We start, as always, with our newspaper comic strip: Heaven’s Love Thrift Shop by Kevin Frank, a comic strip so obscure it doesn’t even have a Wikipedia page! It began in 2006, making it the newest newspaper comic strip that’s been reviewed here, and it apparently only runs Sundays. The main gist of the strip is that there’s a thrift shop operated by these people:

There’s the no-nonsense woman whose name I can’t be bothered to find, put-upon manager Wilson whose name I only know because it’s right there, and slacker employee Dag. Apparently, these three are the only ones who run the thrift store, which is fine. Suspension of disbelief is necessary in most comic strips. Also, as if the name didn’t give it away…

The comic has a very Christian slant. As a robot, I’m not prone to the same bouts of fancy as you flesh-pods, and I’m sure it’s quite possible to identify as a Christian comic strip and still retain some amount of humor. This comic strip doesn’t manage to do that, offering very mild attempts at jokes while attempting to sermonize. While I’m certain Ceesia’s grandmother probably chuckles at it constantly, most people with a working sense of humor won’t really find this strip anything resembling funny. Also, forcing the reader to consult a completely different work in order to understand your strip is incredibly lazy. comic2So, yes, the strip is poorly written. It’s not funny, which seems to be the foible of any comic strip that puts an agenda or belief before trying to actually be humorous. See also: any political strip and anything by Johnny Hart before his death. Also, my memory banks seem to recall that working on the Sabbath is rather frowned upon by certain aspects of the Christian faith, yet this strip only runs on Sundays! I believe that is what is called “irony” and I also know that this strip is what is called “sub-par”.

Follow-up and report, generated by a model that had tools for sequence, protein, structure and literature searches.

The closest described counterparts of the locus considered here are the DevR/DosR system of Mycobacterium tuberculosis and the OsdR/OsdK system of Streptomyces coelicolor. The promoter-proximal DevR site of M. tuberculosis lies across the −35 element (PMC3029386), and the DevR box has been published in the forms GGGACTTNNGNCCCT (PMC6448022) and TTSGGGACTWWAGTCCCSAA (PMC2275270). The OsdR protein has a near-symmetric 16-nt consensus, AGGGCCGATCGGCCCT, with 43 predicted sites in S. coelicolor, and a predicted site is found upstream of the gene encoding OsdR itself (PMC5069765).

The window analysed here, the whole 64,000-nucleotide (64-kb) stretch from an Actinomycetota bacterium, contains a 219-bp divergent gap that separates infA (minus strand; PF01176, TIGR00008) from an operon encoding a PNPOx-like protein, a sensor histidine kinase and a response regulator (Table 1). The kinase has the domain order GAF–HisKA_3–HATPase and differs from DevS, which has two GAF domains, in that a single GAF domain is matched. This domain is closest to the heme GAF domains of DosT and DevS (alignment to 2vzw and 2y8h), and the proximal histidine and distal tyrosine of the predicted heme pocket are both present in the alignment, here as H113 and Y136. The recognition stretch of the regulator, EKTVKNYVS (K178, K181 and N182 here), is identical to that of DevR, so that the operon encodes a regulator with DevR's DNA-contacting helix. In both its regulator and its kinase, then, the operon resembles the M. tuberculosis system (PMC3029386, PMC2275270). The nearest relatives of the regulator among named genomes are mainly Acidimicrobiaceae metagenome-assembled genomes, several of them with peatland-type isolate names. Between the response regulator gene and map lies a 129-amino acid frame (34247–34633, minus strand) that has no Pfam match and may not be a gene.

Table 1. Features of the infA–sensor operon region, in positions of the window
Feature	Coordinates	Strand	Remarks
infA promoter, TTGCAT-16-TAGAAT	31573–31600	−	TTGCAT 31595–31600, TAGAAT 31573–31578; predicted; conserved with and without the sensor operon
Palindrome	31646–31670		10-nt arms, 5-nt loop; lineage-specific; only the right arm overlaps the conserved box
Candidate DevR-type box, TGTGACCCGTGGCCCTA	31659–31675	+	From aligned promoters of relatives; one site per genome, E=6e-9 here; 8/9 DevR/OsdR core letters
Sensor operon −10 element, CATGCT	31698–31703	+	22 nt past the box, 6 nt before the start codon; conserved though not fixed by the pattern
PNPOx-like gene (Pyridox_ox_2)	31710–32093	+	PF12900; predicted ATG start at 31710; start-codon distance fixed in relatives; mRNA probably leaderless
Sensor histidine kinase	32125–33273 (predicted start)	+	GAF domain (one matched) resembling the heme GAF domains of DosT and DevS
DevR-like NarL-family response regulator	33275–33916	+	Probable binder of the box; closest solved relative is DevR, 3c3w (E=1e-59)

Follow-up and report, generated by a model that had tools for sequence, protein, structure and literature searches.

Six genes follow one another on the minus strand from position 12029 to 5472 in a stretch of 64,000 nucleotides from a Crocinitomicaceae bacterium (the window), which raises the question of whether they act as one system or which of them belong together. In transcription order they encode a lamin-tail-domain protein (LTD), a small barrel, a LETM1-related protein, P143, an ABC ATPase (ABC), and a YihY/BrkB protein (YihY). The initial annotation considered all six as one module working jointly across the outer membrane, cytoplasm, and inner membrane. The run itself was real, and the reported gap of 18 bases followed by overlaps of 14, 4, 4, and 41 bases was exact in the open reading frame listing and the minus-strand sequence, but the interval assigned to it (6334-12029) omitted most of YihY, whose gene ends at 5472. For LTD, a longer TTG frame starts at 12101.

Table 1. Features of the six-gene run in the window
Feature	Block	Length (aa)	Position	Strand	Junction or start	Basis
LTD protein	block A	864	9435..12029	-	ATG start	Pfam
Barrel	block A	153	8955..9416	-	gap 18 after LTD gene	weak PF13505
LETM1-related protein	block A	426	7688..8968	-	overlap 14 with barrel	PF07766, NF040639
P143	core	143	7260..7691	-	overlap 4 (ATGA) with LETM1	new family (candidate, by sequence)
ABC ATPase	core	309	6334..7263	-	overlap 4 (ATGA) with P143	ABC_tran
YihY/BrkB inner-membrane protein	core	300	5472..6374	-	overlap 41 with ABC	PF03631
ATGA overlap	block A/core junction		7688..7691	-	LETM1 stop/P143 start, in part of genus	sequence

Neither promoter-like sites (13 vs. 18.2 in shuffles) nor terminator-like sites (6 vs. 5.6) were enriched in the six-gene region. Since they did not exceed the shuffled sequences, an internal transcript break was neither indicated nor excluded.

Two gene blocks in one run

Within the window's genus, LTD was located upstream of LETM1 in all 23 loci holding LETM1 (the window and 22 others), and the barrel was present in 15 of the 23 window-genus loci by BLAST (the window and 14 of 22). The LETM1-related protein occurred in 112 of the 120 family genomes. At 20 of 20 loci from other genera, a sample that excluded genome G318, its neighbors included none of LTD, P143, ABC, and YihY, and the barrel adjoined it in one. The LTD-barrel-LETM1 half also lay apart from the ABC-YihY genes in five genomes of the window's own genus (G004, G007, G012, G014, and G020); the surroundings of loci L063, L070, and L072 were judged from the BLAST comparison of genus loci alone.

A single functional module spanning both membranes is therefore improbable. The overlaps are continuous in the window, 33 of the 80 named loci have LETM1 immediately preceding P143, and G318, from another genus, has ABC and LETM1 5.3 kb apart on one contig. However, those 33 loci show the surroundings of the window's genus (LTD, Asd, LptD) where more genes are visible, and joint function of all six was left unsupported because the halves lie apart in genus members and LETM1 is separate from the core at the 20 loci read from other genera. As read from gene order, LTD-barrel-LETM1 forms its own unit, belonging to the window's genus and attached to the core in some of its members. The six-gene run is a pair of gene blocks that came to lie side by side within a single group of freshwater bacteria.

We continue the theme of vaguely religious comics with Vatican Assassins by Melissa J. Massey. This comic has been going since 2012 and features a several groups of teenage assassins working to advance the agenda of the Roman Catholic Church. 2012-02-05-1st_reading_page_1
Since this strip is more action-oriented, the characters and their world have a lot of personality and the history of the Roman Catholic Church is mined deftly to provide the powers of the protagonists and their foes. The Assassins have to go up against not only demons, but also the Greek Orthodox Church. This is a good thing: while fighting demons and their ilk is always good, there’s hardly any weight to it. Demons are, after all, fundamentally on the side of less-than-good. Fighting other people who only really differ because of their allegiance is a lot more difficult, and allows the characters to show what they’re really about.

2014-07-14-7th_reading_page_13The art and action of this strip are really top-notch, with the powers of the Assassins and their allies giving the combat a pleasing kinetic feel. The stakes are also quite real in all the fights, which then lets the points where the main characters are allowed to be normal people instead of assassins hit that much harder. The only real issue I have with Vatican Assassins is that there are so many characters that it’s sometimes kind of hard to keep track of who’s who, though the cast page does help alleviate this. With that said, all the characters that do show up are immediately given something to set them apart.

Vatican Assassins is a very compelling strip with a very rich world and cast of characters. While the cast may seem unwieldly at times, it’s fairly easy to get a grasp on who is who outside of the main three assassins. One very nice touch is that each group of characters have themed names. I believe that all the Assassins have musical names, while the WITCHNIGHT girls are named after herbs. I deem Vatican Assassins very par, and I look forward to seeing how it progresses.